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WHY ARE NEPALI PODCASTS STRUGGLING

For Sayujya Bhandari, an undergraduate student at ASCOL, listening to podcasts has been a routine during his lengthy commute to and from his campus. Bhandari who has been listening to podcasts since he was in high school and shares that it helps with his thinking process and personal growth. However, he does mention that most of the podcasts he listens to are foreign. “I came across a Nepali podcast named Mero Dui Paisa about a year ago. Though the content was what I usually look for in a podcast, I didn’t find it interesting. This was about a year ago, and after that I have stopped listening to Nepali podcasts altogether.” This seems to be a shared experience for many Nepalis podcast listeners. The reality being that despite a moderate rise in listeners, the Nepali podcast ecosystem is rather condensed.

While creative creators such as vloggers and influencers have exploded into the Nepali internet culture, why is it that podcasters are still plagued by a mediocre presence? The answer may be found in a series of factors that include its primary audience, the platform in which it publishes its content, the hosts, and the genre. Currently there are only a select few who have been able to consistently put out new content while maintaining a dedicated stream of listeners.

Picking the right genre

One of the more successful podcasts that has sprouted from Nepal is the Bojubajai podcast. First airing in May 2016, the Bojubajai podcast was started by two women, Bhrikuti Rai, a Kathmandu based journalist and Itisha Giri, a poet and editor living in Spain. At the time of writing, they have 41 published episodes. Primarily consisting of casual discourse on social justice issues along with interviews, Rai shares that the show addresses issues that they felt were important to them. “There’s only so much that you can achieve through a tweet or commenting on a Facebook post,” says Rai although she goes on to say that they didn’t initially intend to focus on just social issues. But the feedback they got from the early few episodes pushed them in the direction. Sticking to the content genre has proved favorable for the show, with most recent episodes crossing over 1200 plays, and some going over the 3000 mark on the audio streaming platform Soundcloud alone.

A relatively newer podcast What the Guff comes with a catchy name and an even catchier logo and first started airing in May 2020. The podcast is only six episodes down the production line and composed of improv discussions on contemporary issues. It has a humble 184 subscribers on their YouTube channel with over 3700 total views currently, but promises to grow. Other podcasts such as HamroYatra and The Incomer are shows that base themselves around interviews and focus on Nepali diaspora and immigrants abroad. Both shows being produced by women living outside the country have based their shows on documenting stories of immigrants giving Nepalis living overseas the representation they need. If you look further down the rabbit hole, you will also come across more intriguing podcasts such as Antariksa, a show that focuses on science and speculative fiction.

The platform for podcasts

The internet has certainly created a vivid landscape for people to publish creative content. Platforms such as YouTube, Instagram and Medium have become central hubs for vloggers, photographers and writers. This however, does not seem to be the case for podcasts. While there is a huge array of platforms in which shows can publish, listeners in Nepal seem to lack a general consensus on the platform they prefer the most. Of the podcasts mentioned above, some prefer to publish their content on Soundcloud, while some opt for Spotify and Apple Podcasts, and some even finding their major audience on YouTube. “Our content is distributed across several platforms because of this it is very hard to get a standardised and uniform data,” shares Rai.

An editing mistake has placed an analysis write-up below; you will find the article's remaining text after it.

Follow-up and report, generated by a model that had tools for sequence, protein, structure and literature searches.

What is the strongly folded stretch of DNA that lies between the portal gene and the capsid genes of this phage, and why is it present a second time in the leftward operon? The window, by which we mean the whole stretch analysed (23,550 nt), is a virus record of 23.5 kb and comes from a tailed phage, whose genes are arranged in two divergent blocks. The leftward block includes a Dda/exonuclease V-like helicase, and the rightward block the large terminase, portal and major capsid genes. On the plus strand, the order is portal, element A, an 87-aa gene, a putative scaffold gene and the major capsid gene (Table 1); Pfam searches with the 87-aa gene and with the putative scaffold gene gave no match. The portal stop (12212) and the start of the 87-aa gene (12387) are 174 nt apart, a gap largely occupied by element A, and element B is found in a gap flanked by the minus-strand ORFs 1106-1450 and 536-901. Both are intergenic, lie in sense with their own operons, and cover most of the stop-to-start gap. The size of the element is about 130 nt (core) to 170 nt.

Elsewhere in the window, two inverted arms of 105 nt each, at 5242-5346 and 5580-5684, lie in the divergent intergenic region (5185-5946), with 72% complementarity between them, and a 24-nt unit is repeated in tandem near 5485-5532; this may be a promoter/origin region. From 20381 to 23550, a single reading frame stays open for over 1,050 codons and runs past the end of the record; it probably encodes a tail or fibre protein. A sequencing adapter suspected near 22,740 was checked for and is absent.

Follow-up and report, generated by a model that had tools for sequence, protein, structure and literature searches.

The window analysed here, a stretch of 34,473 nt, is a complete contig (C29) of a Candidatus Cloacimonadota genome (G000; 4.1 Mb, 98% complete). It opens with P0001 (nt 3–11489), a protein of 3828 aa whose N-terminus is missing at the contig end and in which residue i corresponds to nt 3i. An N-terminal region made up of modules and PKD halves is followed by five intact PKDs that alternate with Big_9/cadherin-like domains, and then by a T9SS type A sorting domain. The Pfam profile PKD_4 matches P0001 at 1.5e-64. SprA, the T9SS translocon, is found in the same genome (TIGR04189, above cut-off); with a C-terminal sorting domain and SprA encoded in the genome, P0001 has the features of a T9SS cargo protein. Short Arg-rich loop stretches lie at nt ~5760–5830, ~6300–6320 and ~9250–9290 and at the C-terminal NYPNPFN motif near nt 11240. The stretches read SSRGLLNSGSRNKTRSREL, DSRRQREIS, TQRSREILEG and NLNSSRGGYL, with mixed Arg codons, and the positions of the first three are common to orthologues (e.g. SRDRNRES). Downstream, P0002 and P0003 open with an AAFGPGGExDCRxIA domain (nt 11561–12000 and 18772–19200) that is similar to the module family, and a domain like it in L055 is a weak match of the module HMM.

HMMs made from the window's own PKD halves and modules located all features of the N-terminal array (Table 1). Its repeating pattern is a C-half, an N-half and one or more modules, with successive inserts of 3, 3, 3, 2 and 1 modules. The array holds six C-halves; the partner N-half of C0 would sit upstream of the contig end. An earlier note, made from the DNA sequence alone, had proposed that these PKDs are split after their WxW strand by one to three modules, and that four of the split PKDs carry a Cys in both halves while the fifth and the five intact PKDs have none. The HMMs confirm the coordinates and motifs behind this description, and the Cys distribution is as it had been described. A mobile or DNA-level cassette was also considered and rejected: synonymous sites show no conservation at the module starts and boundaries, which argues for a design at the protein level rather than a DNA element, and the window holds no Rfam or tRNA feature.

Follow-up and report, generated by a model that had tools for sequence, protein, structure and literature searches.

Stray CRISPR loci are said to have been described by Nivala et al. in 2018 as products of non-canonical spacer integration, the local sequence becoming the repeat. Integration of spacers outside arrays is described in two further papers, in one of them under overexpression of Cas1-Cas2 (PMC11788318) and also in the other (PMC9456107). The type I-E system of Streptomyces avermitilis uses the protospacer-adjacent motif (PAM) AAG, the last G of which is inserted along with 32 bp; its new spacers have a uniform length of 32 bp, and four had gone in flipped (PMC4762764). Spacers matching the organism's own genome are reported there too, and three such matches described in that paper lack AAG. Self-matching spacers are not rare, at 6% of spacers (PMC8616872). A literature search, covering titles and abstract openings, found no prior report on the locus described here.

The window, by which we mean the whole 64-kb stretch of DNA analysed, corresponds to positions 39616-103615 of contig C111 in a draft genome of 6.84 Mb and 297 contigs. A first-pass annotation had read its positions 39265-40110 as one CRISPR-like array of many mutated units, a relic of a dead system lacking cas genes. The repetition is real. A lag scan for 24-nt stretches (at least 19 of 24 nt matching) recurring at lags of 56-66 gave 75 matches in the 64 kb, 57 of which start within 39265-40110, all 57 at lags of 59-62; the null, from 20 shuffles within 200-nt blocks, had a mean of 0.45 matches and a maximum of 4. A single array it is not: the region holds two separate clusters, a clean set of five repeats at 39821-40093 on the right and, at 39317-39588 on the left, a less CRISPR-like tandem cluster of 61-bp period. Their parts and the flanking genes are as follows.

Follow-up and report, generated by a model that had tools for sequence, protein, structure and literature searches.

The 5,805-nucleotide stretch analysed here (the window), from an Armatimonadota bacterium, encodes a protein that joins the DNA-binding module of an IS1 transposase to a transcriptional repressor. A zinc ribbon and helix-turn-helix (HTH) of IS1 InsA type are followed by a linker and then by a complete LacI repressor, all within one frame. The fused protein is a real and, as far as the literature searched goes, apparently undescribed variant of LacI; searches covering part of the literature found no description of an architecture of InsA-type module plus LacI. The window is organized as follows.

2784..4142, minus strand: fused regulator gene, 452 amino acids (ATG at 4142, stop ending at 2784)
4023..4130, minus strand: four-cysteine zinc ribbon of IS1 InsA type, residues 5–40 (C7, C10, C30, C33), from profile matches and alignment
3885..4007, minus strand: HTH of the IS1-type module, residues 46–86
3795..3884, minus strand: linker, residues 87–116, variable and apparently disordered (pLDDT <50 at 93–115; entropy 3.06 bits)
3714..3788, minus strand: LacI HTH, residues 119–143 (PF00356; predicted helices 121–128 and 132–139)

While creative creators such as vloggers and influencers have exploded into the Nepali internet culture, why is it that podcasters are still plagued by a mediocre presence? The answer may be found in a series of factors that include its primary audience, the platform in which it publishes its content, the hosts, and the genre. Currently there are only a select few who have been able to consistently put out new content while maintaining a dedicated stream of listeners.

This isn’t the only issue that Bojubajai experienced. Rai also mentions that a key reason why these shows lack audience is because most Nepalis are unfamiliar with audio platforms. Sankalpa Gurung, who hosts the HamroYatra podcast shares, “A few of friends suggested that I make a YouTube channel.” But Gurung believes that adopting a video format would diverge the show from the idea of being a podcast. Despite sticking to the audio only format, Gurung shares that HamroYatra has had almost 1900 downloads in only six episodes with the first episode getting nearly 500 downloads. However, it should also be taken into account that 46% of HamroYatra’s listeners are from the UK, 9-10% from the US and Australia each, and only 20% from Nepal.

Actor and host for The Incomer podcast, Richa Ghimire shares Gurung’s sentiments on sticking to an audio format. Ghimire who has been running her show for over a year now states, “My demographic wanted me to do it in visual format, many would say please do it on YouTube, but I was adamant to do only audio podcasts.”

However there are also podcasts who have found home in visual platforms like YouTube and IGTV. The What the Guff team, for instance, believes that for their show to reach and retain a larger audience, it is important for them to adapt to a more popular platform such as YouTube and Instagram. Rajan Thapa, one of the five producers of the young show, shares, “A few friends have even shared that they watched it because it was my show, otherwise they wouldn’t have.”